Not every visit or gathering is an ornate affair, Jim explains, but even the simplest lunch meetings are overflowing with hospitality. “Here, we’re lucky if we can schedule an hour to have a meeting,” Jim noted. “There, you go for lunch, then you go see three or four different sites, then you go into people’s homes. The hospitality of our international alumni is so heartwarming.”

Jim views our international alumni not just as friends and community members, but also as valuable contributors to Seattle U’s alumni network. “Our international alumni are a very accomplished and distinguished group of people,” Jim explained. One example is Dr. Peter Lee, ’63, from Hong Kong who was one of the first international students at Seattle U, as well as the man responsible for introducing Coca Cola to the Chinese market. Dr. Lee recently established SU’s Peter Lee Endowed Lectureship in East Asian Culture and Civilization, which brings to campus experts that explore the impact of East Asian ideologies on modern global issues.

Another key player is Mohamed Alabbar, ’81, founder and chairman of Emaar Properties, one of the largest real estate development companies in the Middle East and the developer of the world’s tallest building,  Burj Khalifa in Dubai.

What Jim values about international alumni is not just their significant accomplishments—it’s how they use their Seattle U experience to better the world around them. “When international students graduate and go back home, they’re changed. So they go back to their home countries and they embody SU’s inclusive values for a diverse global community.”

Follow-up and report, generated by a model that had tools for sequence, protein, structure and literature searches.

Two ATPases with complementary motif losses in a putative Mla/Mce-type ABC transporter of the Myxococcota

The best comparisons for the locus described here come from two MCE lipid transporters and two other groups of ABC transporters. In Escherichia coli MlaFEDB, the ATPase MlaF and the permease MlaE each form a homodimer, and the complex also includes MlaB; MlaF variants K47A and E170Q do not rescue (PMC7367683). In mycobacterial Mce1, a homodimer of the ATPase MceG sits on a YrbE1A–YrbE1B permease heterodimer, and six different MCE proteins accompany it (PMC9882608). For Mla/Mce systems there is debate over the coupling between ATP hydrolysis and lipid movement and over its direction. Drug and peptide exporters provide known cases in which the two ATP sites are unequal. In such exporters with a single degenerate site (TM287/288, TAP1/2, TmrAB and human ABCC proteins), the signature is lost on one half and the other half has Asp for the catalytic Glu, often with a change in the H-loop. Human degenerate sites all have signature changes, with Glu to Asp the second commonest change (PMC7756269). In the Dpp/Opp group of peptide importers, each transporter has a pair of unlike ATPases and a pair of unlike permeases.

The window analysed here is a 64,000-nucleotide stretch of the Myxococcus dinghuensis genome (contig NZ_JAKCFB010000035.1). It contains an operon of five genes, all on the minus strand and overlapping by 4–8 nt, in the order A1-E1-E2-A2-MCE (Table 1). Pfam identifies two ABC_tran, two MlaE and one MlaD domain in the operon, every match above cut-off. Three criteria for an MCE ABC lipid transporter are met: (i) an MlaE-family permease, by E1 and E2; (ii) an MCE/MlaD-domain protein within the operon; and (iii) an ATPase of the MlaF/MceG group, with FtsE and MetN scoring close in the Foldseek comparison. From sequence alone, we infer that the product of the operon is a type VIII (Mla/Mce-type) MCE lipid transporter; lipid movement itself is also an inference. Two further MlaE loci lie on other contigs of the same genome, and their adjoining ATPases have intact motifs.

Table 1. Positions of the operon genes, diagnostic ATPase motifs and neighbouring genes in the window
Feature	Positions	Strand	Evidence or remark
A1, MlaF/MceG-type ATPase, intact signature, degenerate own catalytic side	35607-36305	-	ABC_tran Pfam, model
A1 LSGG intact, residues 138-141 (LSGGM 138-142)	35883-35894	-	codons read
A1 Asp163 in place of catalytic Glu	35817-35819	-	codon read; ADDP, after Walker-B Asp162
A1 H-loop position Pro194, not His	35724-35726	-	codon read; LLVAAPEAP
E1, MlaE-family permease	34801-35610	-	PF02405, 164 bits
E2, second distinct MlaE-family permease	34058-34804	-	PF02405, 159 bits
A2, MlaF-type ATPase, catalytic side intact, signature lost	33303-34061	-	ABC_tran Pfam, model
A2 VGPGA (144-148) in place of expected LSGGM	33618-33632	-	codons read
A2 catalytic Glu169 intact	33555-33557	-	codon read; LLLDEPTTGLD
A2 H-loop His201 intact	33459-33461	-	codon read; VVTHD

In an effort to keep our international students engaged as alumni, the Seattle University Alumni Association and the International Student Center are partnering to launch a new International Alumni Chapter. The goal is to engage international students who have stayed in the greater Seattle area after graduating. As the chapter develops, the plan is to extend the chapter into international communities as well. 

Jim says he’s thrilled about what the launch of the new International Alumni Chapter means for this community.  Of what’s to come after that, Jim says, “There’s still so much to explore.”

If you are interested in attending the reception in Dubai or Hong Kong, contact Margaret Fielder at

Dubai Reception
Monday, December 12, 7:00pm
The Palace Downtown Dubai

Hong Kong Reception
Tuesday, December 20, 6:30pm
The Dynasty Club

Interested in leading or contributing to the International Alumni Chapter? Contact Peter Graziani at

Point of Light: Uniting Christians and Muslims through Prayer

Posted by Caitlin Joyce, '11, '18 on December 1, 2016 at 10:12 PM PST

Fadi Abouelsaad, ’17, is in his final year of the School of Theology and Ministry’s Transformational Leadership Program and is in the process of becoming a Jesuit. Though not yet ordained Fadi is already an experienced spiritual advisor.

In Fadi’s home country of Egypt, he co-founded “Point of Light,” a 3-day spiritual retreat for Muslims and Christians. This interfaith retreat was born out of a Muslim youth’s desire to attend a Catholic Retreat being led by Fadi. “Mohammed, a Muslim, was interested in attending even after learning the retreat would be based on Christian teachings and stories from the bible and so he was invited to join.”

The response from that retreat was great. The Christian attendees enjoyed having Mohammed there and engaging with him and Mohammed found it to be a wonderful experience himself.  It was clear that this was something worth repeating. Fadi and two spiritual partners moved forward with planning a retreat series for both Muslims and Christians to come together in prayer and spirituality.